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Counter Punch: “From Bil’in to Birmingham”

A Missing Link in Support for Palestinian Human Rights
From Bil’in to Birmingham

One of the latest in the long series of unpublicized Israeli attacks on civilians took place on August 25 in the West Bank village of Bil’in, a longstanding bastion of nonviolent Palestinian resistance. It occurred during the weekly protest against the Israeli de-facto-boundary wall being constructed in their midst. About 100 protestors — Palestinian, Israeli and international activists — were walking to the site of the wall when, without provocation, soldiers in riot gear waded in and began clubbing demonstrators and firing rubber bullets at close range.

An Italian, an Israeli and two Palestinian activists were beaten so badly they had to be taken to hospital. One American suffered a concussion and another sustained hand injuries, in addition to taking a rubber bullet in her back and another one in her hip. Besides being clubbed, a Palestinian coordinator was shot with three rubber bullets in the back and one in the leg.

Unfortunately, but unsurprisingly, this mayhem remains an unknown reality for mainstream-media consumers in North America. Despite the long-running nature of such activity and the graphic brutality of Israel’s response, coverage of these actions in Canadian and U.S. media is scant to non-existent. And, of course, the public invisibility of such activity abroad contributes to making it such a tough sell on the ground. The media blackout was dissected by Patrick O’Connor in October 2005, his report pointing out that the New York Times had published only three feature reports on Palestinian nonviolent resistance in the previous three years — “this despite the fact that Palestinians have conducted hundreds of nonviolent protests over the last three years throughout the West Bank against Israel’s construction of the Wall on Palestinian land, and despite the fact that the Israeli army killed nine Palestinian protesters, wounded several thousand protesters, harassed and collectively punished villages that protested, and arrested hundreds of protesters, including nonviolent protest leaders.”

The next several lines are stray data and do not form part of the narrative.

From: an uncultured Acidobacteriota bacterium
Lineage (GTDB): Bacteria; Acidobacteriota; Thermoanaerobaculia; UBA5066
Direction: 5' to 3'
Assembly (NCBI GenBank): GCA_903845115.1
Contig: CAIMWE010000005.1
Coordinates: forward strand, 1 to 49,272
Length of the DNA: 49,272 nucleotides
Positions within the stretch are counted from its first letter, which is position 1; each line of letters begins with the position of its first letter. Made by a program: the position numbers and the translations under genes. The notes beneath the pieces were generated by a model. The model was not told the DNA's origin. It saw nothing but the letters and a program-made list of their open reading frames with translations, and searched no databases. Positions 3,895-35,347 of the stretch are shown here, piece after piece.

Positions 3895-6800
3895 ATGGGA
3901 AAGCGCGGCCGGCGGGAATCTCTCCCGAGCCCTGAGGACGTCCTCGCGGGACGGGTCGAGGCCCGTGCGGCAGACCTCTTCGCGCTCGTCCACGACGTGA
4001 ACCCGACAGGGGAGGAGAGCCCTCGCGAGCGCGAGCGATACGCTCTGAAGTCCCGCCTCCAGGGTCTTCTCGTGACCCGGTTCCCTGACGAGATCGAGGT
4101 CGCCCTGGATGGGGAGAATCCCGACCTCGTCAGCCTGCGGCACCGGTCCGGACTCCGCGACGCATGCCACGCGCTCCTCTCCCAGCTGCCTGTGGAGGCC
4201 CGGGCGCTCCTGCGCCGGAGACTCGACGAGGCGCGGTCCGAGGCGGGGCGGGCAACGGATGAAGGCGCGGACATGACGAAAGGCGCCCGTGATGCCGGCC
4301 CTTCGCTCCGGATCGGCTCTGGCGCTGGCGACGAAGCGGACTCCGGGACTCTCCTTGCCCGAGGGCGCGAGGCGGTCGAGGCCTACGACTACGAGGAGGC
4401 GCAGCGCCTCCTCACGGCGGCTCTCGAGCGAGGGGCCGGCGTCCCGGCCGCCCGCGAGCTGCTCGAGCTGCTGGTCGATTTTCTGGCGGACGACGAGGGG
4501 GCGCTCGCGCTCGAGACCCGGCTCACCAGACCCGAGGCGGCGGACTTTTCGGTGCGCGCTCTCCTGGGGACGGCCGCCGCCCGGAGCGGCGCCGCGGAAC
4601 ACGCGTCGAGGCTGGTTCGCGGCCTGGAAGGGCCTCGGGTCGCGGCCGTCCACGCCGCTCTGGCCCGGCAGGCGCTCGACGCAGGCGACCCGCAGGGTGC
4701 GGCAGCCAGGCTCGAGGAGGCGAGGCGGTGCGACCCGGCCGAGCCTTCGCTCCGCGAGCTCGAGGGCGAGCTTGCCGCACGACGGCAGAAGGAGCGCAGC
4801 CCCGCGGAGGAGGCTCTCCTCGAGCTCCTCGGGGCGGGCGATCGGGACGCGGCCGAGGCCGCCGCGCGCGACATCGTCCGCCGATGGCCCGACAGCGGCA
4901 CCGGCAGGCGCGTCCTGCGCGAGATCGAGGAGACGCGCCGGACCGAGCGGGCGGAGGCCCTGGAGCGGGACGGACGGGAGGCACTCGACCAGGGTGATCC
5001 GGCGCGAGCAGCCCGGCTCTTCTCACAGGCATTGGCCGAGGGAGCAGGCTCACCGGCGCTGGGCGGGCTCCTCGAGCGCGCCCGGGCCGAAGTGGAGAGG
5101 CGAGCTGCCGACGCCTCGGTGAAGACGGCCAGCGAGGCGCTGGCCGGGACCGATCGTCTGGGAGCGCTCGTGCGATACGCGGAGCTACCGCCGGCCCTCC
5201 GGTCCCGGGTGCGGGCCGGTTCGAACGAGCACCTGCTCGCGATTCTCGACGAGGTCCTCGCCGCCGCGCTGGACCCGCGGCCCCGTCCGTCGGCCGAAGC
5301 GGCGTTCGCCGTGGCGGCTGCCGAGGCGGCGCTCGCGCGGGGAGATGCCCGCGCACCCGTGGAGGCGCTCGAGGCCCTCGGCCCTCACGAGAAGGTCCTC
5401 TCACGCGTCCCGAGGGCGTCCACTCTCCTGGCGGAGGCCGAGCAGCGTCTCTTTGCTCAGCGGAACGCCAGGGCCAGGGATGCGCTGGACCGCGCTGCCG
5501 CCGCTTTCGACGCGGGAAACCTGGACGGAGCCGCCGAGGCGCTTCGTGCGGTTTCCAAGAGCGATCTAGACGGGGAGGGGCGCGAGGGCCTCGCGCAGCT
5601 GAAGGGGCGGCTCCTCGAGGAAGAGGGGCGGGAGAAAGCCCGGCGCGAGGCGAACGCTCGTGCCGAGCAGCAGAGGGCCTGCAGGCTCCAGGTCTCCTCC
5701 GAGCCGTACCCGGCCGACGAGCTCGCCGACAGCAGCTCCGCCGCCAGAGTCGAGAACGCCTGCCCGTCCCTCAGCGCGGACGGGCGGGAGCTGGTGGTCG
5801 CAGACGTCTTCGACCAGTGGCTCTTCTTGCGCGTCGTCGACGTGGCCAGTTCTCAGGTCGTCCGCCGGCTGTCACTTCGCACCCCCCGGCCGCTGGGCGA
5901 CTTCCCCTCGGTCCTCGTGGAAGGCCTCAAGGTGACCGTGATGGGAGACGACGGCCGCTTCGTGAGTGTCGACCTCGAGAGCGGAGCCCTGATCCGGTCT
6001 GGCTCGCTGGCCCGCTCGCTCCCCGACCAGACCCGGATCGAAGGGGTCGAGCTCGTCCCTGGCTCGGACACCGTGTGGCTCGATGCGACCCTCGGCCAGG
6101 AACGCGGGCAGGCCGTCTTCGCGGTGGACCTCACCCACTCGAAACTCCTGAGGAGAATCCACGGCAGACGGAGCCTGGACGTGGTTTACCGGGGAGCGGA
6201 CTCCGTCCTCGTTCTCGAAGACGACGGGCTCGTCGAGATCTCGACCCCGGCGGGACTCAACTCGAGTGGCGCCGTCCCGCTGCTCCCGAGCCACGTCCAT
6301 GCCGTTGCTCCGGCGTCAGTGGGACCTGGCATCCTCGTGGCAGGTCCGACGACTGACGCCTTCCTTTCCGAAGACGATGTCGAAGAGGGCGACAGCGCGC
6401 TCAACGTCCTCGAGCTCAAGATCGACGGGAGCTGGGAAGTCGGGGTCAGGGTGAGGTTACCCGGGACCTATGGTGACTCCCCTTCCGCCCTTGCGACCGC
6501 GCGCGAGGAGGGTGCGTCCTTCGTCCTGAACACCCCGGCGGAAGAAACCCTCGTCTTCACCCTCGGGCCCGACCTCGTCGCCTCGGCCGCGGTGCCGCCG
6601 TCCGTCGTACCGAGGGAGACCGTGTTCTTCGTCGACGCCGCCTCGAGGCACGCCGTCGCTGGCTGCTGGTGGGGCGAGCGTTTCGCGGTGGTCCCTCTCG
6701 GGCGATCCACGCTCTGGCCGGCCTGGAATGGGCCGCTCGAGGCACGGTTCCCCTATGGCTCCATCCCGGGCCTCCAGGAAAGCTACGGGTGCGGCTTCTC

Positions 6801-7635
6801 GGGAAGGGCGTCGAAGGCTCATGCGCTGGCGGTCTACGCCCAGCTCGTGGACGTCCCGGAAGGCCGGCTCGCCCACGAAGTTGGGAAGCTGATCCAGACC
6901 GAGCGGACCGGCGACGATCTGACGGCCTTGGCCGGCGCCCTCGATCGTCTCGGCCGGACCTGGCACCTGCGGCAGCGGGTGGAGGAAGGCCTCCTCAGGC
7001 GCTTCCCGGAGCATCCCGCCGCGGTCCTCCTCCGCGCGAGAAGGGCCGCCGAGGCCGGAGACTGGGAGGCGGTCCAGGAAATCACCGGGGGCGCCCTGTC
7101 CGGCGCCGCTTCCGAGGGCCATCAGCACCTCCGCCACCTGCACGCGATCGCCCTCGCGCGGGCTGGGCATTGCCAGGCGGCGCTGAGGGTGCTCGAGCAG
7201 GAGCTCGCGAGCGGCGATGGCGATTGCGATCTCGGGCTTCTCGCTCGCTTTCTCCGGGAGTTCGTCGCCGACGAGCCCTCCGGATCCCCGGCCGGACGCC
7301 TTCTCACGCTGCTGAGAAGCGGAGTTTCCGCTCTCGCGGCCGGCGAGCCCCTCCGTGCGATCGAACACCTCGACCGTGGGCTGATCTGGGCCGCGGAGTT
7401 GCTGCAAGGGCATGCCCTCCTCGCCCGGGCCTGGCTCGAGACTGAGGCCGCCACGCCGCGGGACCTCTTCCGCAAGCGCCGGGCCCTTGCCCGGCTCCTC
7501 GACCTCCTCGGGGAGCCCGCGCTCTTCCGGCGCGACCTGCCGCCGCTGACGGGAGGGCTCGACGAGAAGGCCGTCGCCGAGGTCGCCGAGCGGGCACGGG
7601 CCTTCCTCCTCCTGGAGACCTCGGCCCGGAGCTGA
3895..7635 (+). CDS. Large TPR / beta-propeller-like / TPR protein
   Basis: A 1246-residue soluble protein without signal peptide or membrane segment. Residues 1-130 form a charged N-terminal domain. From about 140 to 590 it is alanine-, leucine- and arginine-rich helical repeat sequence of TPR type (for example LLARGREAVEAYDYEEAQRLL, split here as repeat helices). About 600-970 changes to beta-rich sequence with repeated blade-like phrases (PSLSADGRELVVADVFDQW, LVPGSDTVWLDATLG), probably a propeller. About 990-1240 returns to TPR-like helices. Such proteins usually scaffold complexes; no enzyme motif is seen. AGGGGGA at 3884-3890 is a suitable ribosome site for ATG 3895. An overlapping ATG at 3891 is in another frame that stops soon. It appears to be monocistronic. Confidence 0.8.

Palestinians have grown used to a prevalent refrain in expressions of support received from international well-wishers: If only you guys acted like Martin Luther King or Mahatma Gandhi, the whole world would jump on your bandwagon. That message, of course, is superfluous–indeed, counter-factual. Organized non-violent Palestinian resistance has been going on for decades and continues to be actively exercised in the struggle against the occupation and the separation wall. Israeli products and services have been boycotted; military orders have been refused; confiscated properties have not been vacated. “Newsworthy” incidents gain sporadic attention, as when Israel was obliged to bring in the bailiffs in 1989 to deal with Palestinians’ refusal to pay taxes in the town of Beit Sahour. Higher profile was Israel’s 2003 siege of the Church of Nativity to crack down on Palestinian priests who were protecting fellow Palestinians.